The Full Wiki

Vasily Chuikov: Wikis


Note: Many of our articles have direct quotes from sources you can cite, within the Wikipedia article! This article doesn't yet, but we're working on it! See more info or our list of citable articles.


From Wikipedia, the free encyclopedia

Vasily Chuikov
February 12, 1900 - March 18, 1982 (aged 82)
Nickname Васи́лий Ива́нович Чуйко́в
Place of birth Serebryanye Prudy, Moscow Governorate, Russian Empire
Place of death Moscow, Soviet Union
Allegiance Soviet Union
Years of service 1917-1972
Rank Marshal of the Soviet Union
Unit Soviet 8th Guards Army
Commands held Red Army Ground Forces
Civil Defense
Battles/wars Great Patriotic War
Battle of Stalingrad
Battle of Berlin
Awards Hero of the Soviet Union (twice)
Other work 1961 until his death, he was a member of the Central Committee of the Communist Party of the Soviet Union

Vasily Ivanovich Chuikov (Васи́лий Ива́нович Чуйко́в) (February 12, 1900 - March 18, 1982) was a lieutenant general in the Soviet Red Army during World War II, twice Hero of the Soviet Union (1944, 1945), who after the war became a Marshal of the Soviet Union.


Early life and career

Born into a peasant family in Moscow province, he joined the Red Army during the Russian Revolution of 1917 and later attended the Frunze Military Academy. Chuikov commanded the 4th Army in the Soviet invasion of Poland in 1939, and during the Russo-Finnish War of 1940. He was then sent to China as an advisor to Chiang Kai-shek. In May 1942 the USSR recalled their military advisor, according to Chuikov's memoirs this was due to Nationalist China claiming the USSR was providing military aid as part of an attempt to draw the USSR into the Second Sino-Japanese War.

Second World War

On returning to Moscow, Chuikov was placed in command of the 64th Army, on the West bank of the Don river. The 64th Army took part in the fighting withdrawal to Stalingrad, and shortly before the Battle of Stalingrad itself began, Chuikov was made commanding general of the more important 62nd Army, which was to hold Stalingrad itself, with the 64th on its Southern flank.

It was at Stalingrad that Chuikov developed the important tactic of “hugging the enemy,” by which under-armed Soviet soldiers kept the German army so close to them as to minimize the superior firepower enjoyed by the Wehrmacht. Chuikov had witnessed firsthand the Blitzkrieg tactics the Nazis had used to sweep across the Russian steppe, so he used the Germans' carpet-bombing of the city to draw panzer units into the rubble and chaos where their progress was impeded. Here they could be destroyed with Molotov cocktails and Russian artillery operating at close range. This tactic also rendered the German Luftwaffe ineffective, since Stuka dive-bombers could not attack Red Army positions without firing upon their own forces.[1][2]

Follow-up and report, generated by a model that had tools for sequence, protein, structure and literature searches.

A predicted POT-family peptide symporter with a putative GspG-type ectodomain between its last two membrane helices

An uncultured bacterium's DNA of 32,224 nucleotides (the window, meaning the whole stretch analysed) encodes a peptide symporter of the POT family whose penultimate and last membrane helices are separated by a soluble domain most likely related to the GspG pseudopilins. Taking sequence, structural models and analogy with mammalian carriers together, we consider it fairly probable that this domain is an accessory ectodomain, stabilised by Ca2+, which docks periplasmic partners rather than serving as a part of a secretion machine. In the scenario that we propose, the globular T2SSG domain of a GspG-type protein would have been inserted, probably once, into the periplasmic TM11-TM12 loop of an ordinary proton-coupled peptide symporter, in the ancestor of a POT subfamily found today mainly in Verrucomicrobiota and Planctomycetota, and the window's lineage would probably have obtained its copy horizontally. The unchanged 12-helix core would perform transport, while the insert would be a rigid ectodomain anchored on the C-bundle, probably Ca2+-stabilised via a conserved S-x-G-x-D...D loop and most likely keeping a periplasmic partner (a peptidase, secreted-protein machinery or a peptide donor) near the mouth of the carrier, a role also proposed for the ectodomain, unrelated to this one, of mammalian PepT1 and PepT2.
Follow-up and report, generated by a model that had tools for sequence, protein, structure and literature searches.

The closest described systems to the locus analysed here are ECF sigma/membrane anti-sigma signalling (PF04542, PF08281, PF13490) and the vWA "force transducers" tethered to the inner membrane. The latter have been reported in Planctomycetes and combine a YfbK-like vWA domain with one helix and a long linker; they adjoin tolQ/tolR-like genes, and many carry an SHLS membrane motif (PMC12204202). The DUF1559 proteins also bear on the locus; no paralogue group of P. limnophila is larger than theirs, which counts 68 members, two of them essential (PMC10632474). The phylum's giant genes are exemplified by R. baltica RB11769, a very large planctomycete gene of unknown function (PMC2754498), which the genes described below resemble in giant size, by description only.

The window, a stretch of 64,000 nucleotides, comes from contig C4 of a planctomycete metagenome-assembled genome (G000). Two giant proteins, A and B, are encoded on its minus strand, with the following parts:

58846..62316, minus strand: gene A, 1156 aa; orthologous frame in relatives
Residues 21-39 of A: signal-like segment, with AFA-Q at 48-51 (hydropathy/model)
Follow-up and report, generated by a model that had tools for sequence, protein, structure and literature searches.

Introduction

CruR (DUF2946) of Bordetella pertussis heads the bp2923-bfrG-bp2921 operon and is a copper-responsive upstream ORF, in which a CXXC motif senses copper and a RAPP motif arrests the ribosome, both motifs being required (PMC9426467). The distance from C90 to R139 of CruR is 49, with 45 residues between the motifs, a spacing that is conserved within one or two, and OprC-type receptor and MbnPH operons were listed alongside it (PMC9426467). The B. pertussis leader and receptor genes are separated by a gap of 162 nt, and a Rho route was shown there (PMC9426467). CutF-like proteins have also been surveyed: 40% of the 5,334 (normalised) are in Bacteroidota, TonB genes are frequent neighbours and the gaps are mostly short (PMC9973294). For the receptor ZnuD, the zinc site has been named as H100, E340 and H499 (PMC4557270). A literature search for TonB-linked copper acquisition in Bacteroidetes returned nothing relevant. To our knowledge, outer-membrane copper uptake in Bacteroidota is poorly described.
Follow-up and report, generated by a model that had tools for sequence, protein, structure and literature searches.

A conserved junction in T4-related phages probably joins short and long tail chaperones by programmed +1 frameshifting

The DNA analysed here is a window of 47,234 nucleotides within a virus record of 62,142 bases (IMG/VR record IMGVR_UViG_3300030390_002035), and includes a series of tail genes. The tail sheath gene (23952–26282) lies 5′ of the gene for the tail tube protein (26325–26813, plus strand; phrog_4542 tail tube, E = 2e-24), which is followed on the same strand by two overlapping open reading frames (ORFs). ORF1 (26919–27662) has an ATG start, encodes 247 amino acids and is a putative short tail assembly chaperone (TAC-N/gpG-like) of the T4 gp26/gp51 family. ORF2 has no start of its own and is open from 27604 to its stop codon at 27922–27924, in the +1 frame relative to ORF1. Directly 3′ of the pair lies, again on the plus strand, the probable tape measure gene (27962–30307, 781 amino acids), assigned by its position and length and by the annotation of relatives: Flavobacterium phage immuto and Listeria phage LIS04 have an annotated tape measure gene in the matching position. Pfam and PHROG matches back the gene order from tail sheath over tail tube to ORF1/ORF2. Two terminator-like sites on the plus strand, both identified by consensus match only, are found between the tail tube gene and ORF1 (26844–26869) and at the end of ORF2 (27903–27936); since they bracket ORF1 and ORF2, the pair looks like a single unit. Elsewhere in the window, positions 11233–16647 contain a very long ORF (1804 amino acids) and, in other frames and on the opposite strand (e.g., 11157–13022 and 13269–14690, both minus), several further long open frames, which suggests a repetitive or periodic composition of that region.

After the victory at Stalingrad, the 62nd was redesignated as the Soviet 8th Guards Army. Chuikov then commanded the 8th Guards as part of 1st Belorussian Front and led its advance through Poland, finally heading the Soviet offensive which conquered Berlin in April/May 1945.

Chuikov's advance through Poland was characterized by massive advances across difficult terrain (on several occasions, the 8th Guards Army advanced over 40 miles in a single day). On May 1, 1945, Chuikov, who commanded his army operating in central Berlin, was the first Allied officer to learn about Adolf Hitler's suicide, being informed by Hans Krebs who came to Chuikov's headquarters under a white flag. He accepted the surrender of Berlin's forces from General Helmuth Weidling.

Chuikov appeared in the documentary film Berlin (1945), directed by Yuli Raizman.

Later life

After the war ended Chuikov stayed in Germany, later serving as Commander-in-Chief of the Group of Soviet Forces in Germany from 1949 until 1953, when he was made the Commanding General of the Kiev Military District. While serving at that post, on March 11, 1955 he was promoted to Marshal of the Soviet Union. From 1960 to 1964 he was the Commander-in-Chief of the Soviet Army's Ground Forces. He also served as the Chief of the Civil Defense from 1961 until his retirement in 1972. From 1961 until his death, he was a member of the Central Committee of the Communist Party of the Soviet Union.

He was a major consultant for the design of the Stalingrad battle memorial on Mamayev Kurgan, and was buried there after his death at the age of 82.

Memoirs in translation

  • The Beginning of the Road: The Story of the Battle for Stalingrad, London, 1963.[3]

In popular culture

Dana Kramer-Rolls' novel, Home is the Hunter, has Star Trek character Pavel Chekov refer to Chuikov as his ancestor (although 'Vasily' is spelled as 'Vassily').

See also